April 2, 2020

Haunts: Tales of Unexpected Horror and the Supernatural

Haunts launched its first issue in 1984 on the leading edge of the venerable heyday of small press horror magazines. The premier issue was a saddled-stitched chapbook of black and white art with stories type-set using a typewriter. The text was interspersed with illustrations by up-and-coming illustrators in what fast-became a segment of the market rife with talent and potential. The magazine’s editor Joseph K. Cherkes later adopted the tag line “Tales of Unexpected Horror and the Supernatural” as the magazine evolved to a perfect-bound, digest-sized publication with professional layout and typesetting.

Haunts was a standout in an era when new small press horror magazines appeared on a regular basis. These were proving grounds for new writers. Every year, the Novel & Short Story Writer’s Market listed a new bevy of chapbooks and magazines. Many short-lived titles were flash-in-the-pan events in the history of micropress horror, but Haunts was something special. Publishing under the moniker Nightshade Press, Cherkes delivered a solid, high-quality magazine on a more or less quarterly basis. The stories varied in quality, but the art and layout made an attractive package. Contributors of note include Jessica Amanda Salmonson, Norman Partridge, Roman A. Ranieri, Ty Drago, James S. Dorr, Edo Van Belkom, Yvonne Navarro, t. Winter-Damon, and Geoffrey A. Landis to name a few. An author by the name of Mike Hurley had a story in almost every issue, but I don’t believe he ever expanded beyond the pages of Haunts, with the exception of one collection published by Nightshade Publications. Flipping through my stack of back issues, I was pleased to find a poem by my friend and author Steven L. Shrewsbury in issue #28, Summer/Fall 1994.

Twelve issues of Haunts published between 1989 and 1994.
Twelve issues of Haunts published between 1989 and 1994.

I’m pretty sure I discovered Haunts through an advertisement in another small press magazine, as we so often did back then. It must have been in 1990, when I was a staff writer for the Mountain Sun newspaper with long term career plans to be a famous writer. (I was 19 years old so this seemed totally doable.) I sent away for a sample issue, read it, and then proceeded to send stories for Mr. Cherkes’s consideration. I was focused on a short list of magazines at the time, Haunts being one of them. After about a year’s worth of submissions, I was shocked and elated when I received an acceptance letter in the mail for my short story “Last Respects.” My story appeared in Haunts #25, Spring 1993, alongside work by Geoffrey A. Landis, Norman Partridge, and Jessica Amanda Salmonson. Although I had several stories published before that, I still consider “Last Respects” to be my first professional sale. I got paid 1/4-cent per word, but competition was fierce. It felt like a win, a crowning achievement. It was a damn fine little magazine.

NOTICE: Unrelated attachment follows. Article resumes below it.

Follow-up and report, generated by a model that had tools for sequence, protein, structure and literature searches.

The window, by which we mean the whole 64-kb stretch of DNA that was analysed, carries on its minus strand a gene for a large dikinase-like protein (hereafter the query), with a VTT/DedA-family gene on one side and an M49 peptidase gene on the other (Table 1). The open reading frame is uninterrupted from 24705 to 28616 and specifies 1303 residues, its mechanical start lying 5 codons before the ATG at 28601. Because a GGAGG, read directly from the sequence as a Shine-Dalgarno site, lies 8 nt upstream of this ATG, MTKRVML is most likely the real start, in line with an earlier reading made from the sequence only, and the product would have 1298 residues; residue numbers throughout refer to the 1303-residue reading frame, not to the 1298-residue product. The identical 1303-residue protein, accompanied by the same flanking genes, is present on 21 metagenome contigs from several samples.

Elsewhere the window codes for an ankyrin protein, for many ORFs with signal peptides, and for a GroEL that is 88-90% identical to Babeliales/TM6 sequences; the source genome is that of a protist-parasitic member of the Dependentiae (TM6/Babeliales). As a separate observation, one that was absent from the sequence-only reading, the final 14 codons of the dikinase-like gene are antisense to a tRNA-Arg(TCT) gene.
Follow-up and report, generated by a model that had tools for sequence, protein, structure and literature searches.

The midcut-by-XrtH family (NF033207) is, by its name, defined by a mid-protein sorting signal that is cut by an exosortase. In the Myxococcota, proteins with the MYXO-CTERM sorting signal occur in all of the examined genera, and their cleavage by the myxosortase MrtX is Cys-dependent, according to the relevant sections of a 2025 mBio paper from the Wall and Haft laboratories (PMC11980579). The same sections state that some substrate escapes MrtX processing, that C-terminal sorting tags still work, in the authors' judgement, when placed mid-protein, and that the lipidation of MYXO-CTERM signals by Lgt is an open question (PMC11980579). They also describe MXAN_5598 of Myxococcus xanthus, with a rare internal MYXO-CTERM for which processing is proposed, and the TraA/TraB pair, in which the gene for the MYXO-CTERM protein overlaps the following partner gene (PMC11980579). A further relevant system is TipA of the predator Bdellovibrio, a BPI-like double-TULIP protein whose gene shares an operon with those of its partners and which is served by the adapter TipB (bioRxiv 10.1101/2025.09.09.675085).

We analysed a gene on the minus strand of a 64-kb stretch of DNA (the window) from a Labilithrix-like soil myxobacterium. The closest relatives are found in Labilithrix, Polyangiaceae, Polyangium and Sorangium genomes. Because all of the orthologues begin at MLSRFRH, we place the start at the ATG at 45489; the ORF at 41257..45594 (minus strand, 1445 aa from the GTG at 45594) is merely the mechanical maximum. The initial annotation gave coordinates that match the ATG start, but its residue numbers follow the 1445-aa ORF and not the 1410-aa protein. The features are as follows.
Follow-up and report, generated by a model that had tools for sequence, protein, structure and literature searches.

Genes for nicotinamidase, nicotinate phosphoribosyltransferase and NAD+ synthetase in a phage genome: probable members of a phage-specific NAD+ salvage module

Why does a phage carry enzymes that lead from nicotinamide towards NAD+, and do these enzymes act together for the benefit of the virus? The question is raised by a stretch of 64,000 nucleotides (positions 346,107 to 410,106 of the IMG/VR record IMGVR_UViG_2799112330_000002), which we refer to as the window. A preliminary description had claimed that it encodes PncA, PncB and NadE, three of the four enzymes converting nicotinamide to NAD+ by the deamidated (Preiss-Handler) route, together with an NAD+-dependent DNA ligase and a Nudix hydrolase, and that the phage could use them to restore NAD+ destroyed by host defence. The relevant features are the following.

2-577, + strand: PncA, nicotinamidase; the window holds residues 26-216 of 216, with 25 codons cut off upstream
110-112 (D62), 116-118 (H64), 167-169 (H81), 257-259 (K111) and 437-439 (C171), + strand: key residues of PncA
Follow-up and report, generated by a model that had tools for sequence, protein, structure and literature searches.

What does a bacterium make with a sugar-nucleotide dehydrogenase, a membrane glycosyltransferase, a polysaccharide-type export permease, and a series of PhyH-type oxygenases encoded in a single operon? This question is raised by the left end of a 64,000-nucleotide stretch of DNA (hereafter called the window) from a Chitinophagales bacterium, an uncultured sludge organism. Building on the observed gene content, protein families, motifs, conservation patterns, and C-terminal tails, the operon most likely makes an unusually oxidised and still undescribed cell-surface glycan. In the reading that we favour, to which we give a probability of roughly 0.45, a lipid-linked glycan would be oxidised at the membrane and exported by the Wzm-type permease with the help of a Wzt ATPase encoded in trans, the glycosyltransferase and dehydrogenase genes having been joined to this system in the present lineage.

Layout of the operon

For a brief personal and yet related story, we have to fast-forward a few years. I moved to Texas in 1997. Those were good but lonely times. In a sad attempt to win a woman’s heart, I wrote her a poem. I told her I was a writer. I gave her my contributor’s copy of Haunts #25 to prove it. She ditched me, but kept my poem and the magazine. (Let this be a lesson to all of you would-be suitors out there.)

A year or so later, I tracked down the editor of the magazine, Joseph Cherkes, who lived in Rhode Island. After a fine talk on the telephone, he assured me he remembered all the stories I sent him. When I told him I lost my only copy of the magazine in which my story appeared, he commiserated; alas, he had no extra copies himself. He told me the magazine folded under the weight of distributor mishandling the previous year. Then we talked football. I tried my best to assure him I was not a Cowboys fan (raised in Colorado, I am a dyed-in-the-wool Broncos fan, for better or worse). He went on for a while about his disapproval of Jerry Jones before finally letting me go and wishing me the best of luck finding another copy.

Fortunately, eBay came through. By now, I’ve managed to get my hands on several copies, including the pictured stack of issues published between 1989 and 1994. I had an opportunity to buy two more lots that went back pretty early in the magazine’s run, but they were too expensive, so I focused on collecting the perfect bound issues that had some nice gems included. As far as I can tell from my research, the last issue of Haunts was published in 1997, which makes for a solid 13-year run.

Sellers on Amazon list issues of Haunts from time to time. Check them out here. I’ve sold an extra issue or two on eBay myself. Check out the Realms of Night eBay auctions here, and follow us to keep an eye on future sales.

These scans are from my personal collection.

Christopher Fulbright

Christopher Fulbright is the author of short stories, novellas, and full-length novels of fantasy and horror. His short stories have appeared in many venues--webzines, magazines, and anthologies--since 1993. Fulbright received the Richard Laymon President's Award in 2008 from the HWA, and his short stories have received honorable mentions in "The Year's Best Fantasy and Horror" and "Best Horror of the Year." He is a former journalist turned technical writer, an unrepentant horror fan, and owner/webmaster of Realms of Night.

View all posts by Christopher Fulbright →

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